To be able to properly select the basketball in the post-production as well, I bought bluescreen color and painted it blue. This way, I had the greenscreen for an even background, the blue ball, and the player that would create the silhouette – of course while not wearing anything green or blue.

When I realized that I would not be able to capture more complex terms in my small studio, I additionally had to think of something else. That’s when the real crazy started and several full-body suits in green and orange were bought! Check out the hilarious footage:

To say the post-production of these scenes was difficult would be a slight understatement. As I was new to working with greenscreen techniques, I spend night after night learning how to properly crop the people and the ball from the films and render them into two-dimensional silhouettes. When I was finally done the day before the presentation, I felt like I hadn’t slept for months – which was probably quite true.

The Finish Line

As I had decided that my target group would not only be people that already were basketball enthusiasts, but also beginners and everyone generally interested in the sport, I realized the material would have to be easily accessible for everyone – so putting it online was an obvious decision. While I first thought about a video channel or page on a social media website, I felt a single website with its own atmosphere would fit better. I had so much material not only from my own recordings but also all kind of basketball footage through all ages and really wanted to put it in one space.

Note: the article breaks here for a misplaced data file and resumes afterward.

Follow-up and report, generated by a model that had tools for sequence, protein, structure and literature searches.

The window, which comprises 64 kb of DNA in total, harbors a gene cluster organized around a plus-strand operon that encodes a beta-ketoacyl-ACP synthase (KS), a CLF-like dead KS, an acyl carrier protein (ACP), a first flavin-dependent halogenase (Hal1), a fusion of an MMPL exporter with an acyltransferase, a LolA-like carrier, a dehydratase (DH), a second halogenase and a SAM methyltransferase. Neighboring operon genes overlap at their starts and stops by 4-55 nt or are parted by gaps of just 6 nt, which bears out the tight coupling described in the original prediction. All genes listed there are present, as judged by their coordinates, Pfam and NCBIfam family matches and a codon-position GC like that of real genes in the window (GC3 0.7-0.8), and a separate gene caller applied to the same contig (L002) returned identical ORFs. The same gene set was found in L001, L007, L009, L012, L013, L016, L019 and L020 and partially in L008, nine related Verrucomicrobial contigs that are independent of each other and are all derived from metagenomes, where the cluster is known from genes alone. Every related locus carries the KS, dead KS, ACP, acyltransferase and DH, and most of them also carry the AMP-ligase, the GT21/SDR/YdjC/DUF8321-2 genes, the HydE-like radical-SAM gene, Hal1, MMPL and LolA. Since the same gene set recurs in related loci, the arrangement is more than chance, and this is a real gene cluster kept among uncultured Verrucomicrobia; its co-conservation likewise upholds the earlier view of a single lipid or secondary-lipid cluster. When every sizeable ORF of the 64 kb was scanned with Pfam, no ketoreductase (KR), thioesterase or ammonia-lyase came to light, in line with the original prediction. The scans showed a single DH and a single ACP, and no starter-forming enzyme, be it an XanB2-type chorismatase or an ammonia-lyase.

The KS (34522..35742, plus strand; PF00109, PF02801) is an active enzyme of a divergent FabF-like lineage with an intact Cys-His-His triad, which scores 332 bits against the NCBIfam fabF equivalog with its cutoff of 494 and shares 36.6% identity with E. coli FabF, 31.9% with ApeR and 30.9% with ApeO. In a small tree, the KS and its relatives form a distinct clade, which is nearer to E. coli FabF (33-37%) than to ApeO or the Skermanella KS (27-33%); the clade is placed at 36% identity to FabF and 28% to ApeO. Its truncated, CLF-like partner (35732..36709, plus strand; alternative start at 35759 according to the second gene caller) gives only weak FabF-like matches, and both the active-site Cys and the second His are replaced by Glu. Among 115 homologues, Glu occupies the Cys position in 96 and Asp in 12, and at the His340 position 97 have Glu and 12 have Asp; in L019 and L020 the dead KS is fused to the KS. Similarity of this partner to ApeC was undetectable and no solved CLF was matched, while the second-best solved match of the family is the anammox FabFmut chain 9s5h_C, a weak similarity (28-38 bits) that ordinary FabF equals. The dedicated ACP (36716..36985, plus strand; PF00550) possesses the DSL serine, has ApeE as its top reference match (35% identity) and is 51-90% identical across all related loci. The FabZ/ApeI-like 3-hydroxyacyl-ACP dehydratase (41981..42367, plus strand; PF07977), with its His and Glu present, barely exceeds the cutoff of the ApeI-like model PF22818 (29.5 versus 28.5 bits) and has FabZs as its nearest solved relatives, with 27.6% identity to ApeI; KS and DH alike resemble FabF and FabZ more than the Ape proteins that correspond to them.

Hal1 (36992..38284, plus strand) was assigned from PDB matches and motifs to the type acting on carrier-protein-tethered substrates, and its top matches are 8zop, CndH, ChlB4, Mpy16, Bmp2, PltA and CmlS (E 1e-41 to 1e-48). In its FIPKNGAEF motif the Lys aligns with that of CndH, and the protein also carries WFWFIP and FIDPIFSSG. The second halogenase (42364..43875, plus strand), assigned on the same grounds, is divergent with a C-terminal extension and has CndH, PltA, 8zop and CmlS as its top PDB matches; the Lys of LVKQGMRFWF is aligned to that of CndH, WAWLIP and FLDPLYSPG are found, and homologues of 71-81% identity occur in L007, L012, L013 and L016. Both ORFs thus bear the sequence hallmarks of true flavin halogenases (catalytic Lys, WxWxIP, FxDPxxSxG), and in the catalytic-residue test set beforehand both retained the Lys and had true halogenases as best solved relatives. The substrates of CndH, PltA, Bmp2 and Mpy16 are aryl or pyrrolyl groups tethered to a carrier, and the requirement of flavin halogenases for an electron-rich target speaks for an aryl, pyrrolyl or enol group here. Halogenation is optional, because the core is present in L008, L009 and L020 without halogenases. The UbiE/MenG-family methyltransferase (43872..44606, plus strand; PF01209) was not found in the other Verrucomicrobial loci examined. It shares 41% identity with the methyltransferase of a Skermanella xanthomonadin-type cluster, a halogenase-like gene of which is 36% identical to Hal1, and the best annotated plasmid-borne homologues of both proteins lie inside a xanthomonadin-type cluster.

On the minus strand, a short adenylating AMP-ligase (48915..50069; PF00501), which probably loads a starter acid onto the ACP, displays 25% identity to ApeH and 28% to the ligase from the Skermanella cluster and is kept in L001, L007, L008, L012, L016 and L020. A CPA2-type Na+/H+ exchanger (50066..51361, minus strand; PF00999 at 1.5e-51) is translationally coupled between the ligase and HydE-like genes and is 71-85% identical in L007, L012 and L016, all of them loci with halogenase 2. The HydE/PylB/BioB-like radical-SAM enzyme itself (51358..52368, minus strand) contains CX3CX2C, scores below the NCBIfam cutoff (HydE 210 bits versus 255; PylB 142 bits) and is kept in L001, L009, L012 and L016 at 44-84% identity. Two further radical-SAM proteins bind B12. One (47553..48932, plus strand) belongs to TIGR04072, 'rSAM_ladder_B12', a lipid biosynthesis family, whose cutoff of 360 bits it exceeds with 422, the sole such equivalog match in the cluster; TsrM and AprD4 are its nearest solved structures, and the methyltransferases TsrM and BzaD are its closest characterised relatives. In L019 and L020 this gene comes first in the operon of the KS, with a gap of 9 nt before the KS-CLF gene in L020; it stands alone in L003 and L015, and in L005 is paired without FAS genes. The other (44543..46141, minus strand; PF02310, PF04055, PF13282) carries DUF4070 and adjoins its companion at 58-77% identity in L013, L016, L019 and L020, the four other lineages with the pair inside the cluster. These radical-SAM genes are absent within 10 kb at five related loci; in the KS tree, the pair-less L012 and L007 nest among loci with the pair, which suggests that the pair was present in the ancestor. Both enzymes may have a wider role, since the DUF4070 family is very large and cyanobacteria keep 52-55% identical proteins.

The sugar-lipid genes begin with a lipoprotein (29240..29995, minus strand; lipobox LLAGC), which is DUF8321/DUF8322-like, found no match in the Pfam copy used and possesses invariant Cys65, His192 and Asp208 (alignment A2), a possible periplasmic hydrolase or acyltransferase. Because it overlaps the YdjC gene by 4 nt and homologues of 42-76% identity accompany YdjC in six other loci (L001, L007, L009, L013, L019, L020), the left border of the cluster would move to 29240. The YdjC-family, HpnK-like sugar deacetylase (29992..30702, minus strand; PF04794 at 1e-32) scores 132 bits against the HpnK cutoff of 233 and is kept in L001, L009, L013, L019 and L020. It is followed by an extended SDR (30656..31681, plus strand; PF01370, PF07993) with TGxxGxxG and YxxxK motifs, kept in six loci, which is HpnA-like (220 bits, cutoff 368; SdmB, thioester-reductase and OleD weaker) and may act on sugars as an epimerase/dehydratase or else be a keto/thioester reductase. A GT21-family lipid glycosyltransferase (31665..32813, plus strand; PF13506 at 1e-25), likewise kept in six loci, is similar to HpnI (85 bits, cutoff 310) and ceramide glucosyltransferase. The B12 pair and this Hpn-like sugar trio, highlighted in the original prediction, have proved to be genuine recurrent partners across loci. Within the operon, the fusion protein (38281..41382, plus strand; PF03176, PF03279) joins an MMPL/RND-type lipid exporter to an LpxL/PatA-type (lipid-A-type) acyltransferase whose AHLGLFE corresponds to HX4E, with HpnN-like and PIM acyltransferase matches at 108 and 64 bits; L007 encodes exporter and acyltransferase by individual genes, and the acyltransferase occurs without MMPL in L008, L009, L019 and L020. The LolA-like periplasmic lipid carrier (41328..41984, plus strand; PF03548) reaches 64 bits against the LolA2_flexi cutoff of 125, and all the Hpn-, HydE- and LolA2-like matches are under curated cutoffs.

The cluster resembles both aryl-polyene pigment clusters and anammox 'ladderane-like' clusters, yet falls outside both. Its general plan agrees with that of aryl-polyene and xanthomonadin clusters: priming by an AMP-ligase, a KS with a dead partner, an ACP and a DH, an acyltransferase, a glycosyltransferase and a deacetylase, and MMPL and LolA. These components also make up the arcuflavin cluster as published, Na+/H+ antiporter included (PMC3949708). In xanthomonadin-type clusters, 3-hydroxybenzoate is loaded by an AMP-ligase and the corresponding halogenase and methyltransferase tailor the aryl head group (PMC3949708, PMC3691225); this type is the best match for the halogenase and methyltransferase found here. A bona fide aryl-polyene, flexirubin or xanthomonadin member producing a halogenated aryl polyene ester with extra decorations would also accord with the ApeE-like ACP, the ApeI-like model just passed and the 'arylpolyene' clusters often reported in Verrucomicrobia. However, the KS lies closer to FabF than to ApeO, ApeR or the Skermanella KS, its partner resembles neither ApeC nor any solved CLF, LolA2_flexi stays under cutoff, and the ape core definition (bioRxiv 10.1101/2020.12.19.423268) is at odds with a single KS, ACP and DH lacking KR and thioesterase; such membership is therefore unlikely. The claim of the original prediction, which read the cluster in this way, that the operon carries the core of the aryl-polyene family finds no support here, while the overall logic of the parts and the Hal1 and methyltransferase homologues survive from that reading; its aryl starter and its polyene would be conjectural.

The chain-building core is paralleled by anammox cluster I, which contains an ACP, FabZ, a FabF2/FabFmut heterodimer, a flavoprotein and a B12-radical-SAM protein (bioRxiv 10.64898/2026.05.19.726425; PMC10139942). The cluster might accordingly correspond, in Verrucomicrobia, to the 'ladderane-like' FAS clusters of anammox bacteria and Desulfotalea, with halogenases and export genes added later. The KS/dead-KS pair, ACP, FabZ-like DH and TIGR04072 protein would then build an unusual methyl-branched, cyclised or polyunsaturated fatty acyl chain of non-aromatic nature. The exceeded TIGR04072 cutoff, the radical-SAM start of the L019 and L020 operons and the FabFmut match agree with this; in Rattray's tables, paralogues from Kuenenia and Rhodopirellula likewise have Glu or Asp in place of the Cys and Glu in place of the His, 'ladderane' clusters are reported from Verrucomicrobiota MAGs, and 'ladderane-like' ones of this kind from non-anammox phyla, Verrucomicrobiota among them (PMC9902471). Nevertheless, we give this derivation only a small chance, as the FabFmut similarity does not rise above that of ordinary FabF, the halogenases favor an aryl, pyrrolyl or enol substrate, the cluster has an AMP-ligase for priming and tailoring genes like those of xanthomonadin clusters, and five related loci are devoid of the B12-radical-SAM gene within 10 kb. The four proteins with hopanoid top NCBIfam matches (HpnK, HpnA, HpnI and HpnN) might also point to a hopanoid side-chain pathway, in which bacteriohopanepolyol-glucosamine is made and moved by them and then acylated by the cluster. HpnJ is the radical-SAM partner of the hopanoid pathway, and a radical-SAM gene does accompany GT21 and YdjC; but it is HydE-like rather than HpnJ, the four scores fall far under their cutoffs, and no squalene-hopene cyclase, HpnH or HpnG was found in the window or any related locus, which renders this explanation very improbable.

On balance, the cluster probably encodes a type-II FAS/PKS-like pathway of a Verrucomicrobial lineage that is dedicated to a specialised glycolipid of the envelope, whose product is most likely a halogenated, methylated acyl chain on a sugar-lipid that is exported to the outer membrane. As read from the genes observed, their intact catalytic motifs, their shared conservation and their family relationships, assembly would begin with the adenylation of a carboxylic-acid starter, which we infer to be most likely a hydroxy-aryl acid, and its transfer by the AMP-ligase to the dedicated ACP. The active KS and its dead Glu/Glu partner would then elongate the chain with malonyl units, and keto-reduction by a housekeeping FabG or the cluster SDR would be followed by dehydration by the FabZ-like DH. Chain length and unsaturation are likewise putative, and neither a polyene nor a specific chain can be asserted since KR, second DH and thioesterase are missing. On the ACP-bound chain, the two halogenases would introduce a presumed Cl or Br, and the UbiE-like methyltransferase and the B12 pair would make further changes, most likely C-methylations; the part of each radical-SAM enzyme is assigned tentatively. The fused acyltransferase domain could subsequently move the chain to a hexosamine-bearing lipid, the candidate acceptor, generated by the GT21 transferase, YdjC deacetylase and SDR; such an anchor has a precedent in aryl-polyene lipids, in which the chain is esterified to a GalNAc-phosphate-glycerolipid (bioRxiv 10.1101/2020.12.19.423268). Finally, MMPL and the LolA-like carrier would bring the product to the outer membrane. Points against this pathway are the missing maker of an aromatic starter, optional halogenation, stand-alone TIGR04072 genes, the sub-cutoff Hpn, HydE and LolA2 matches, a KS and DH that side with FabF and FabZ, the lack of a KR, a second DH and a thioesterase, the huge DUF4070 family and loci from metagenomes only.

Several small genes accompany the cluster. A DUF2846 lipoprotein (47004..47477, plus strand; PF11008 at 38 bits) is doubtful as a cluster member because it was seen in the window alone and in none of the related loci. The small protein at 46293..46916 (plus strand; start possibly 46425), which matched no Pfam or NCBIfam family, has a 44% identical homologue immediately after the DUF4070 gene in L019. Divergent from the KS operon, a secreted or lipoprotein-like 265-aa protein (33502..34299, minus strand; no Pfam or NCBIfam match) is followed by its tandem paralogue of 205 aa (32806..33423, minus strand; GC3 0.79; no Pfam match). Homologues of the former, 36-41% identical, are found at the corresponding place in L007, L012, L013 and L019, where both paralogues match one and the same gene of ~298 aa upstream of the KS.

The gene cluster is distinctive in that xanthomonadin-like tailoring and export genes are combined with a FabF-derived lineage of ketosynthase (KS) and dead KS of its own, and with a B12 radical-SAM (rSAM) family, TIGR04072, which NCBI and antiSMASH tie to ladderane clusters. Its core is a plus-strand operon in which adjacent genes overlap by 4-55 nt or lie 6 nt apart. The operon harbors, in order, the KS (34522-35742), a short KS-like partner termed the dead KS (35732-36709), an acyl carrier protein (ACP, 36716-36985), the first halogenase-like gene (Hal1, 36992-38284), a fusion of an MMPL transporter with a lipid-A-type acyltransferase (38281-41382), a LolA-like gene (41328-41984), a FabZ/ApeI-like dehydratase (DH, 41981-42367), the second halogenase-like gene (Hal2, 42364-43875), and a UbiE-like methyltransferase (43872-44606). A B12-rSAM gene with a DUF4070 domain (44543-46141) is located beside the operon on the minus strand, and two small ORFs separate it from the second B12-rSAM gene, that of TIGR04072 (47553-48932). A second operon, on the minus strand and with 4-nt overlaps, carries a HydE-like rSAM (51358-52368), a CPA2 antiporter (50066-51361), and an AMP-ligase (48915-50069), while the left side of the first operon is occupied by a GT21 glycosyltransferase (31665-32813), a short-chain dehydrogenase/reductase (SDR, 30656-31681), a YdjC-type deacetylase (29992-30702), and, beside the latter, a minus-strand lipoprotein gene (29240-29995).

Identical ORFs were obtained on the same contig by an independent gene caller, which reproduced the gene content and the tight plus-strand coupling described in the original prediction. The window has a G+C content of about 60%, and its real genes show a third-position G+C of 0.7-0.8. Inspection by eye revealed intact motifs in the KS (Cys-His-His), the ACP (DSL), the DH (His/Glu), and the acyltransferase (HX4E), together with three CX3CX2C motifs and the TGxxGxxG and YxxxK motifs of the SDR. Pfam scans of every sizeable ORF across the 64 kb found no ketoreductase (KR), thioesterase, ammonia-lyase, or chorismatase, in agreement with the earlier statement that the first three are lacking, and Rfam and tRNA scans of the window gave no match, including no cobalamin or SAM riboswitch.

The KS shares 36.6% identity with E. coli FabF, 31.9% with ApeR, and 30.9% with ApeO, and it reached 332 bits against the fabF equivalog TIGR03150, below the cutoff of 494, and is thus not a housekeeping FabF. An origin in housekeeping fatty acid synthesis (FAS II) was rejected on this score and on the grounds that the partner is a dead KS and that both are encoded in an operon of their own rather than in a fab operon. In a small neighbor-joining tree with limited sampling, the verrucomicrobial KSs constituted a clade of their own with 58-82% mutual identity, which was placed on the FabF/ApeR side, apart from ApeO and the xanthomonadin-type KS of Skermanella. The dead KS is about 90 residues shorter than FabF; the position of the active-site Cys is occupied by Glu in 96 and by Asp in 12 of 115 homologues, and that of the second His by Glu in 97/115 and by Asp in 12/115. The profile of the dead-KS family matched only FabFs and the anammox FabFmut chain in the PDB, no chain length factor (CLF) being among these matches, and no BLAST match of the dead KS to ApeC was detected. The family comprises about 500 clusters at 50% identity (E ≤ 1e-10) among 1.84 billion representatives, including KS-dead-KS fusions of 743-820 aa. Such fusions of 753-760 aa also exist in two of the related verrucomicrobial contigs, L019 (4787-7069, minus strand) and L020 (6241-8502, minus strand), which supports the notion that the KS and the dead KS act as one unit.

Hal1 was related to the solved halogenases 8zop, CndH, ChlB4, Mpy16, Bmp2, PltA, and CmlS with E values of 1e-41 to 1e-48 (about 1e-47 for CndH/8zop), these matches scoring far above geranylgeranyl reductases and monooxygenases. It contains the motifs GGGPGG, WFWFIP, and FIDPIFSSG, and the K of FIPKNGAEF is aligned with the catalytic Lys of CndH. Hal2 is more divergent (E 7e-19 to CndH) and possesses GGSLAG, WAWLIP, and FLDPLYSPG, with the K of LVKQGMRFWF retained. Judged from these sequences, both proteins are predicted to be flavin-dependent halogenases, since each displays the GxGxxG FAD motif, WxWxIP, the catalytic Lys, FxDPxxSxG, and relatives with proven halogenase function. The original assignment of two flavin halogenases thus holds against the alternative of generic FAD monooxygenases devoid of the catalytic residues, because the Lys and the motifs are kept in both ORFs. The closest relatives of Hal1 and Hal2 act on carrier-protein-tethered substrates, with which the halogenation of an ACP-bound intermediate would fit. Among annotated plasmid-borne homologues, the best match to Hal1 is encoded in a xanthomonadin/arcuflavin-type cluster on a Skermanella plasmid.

I had to come up with an interesting name and layout for the website. It took almost up until one week before the final presentation until the website didn’t look boring, “trying-to-be-cool”, and depressing anymore. I desperately needed some colors without picking random layouts or overdoing it. Finally, while researching for a name, I went through the names of NBA teams and fell in love with the bold color combinations (being a Chicago Bulls fan with their red/black, it’s easy to forget the strong colors other teams use). As my little database distinguishes not only level of difficulty but also kind of move, each group got one of the color combinations of a favorite NBA team of mine:

The name, finally, came up during a discussion with friends trying to explain what the website should deliver – a manual, a “blueprint” so to say – a blueprint for basketball. Before that, I really struggled with an attractive name and logo for the project and there were many, many failed attemps until I got it right just days before the final presentation.

Putting everything together

I will soon write more about this almost final step of putting together the various kinds of footage, the silhouettes, terms and descriptions, creating the groups and defining the difficulty levels until everything could be combined into one final website.

Thanks to 2xC, I could also add a great piece of music to help create the atmosphere I associate with basketall on the start page of the website.

The final presentation

Another crazy idea that caused me many sleepless nights and only worked properly about 1 hour before the presentation was the giant video wall I brought back to light from my university’s catacombs. It is so heavy you need four people and two lift trucks to move it and most of the screens were broken or didn’t work when I uncovered it from its spiderwebs and dirt.

But in the end, thanks to many friends and the great university staff, it all worked out! Have a look at the great day that was my final presentation at the University of Arts and Design Karlsruhe: Diplom exhibition.

 

Have a look at the final website here.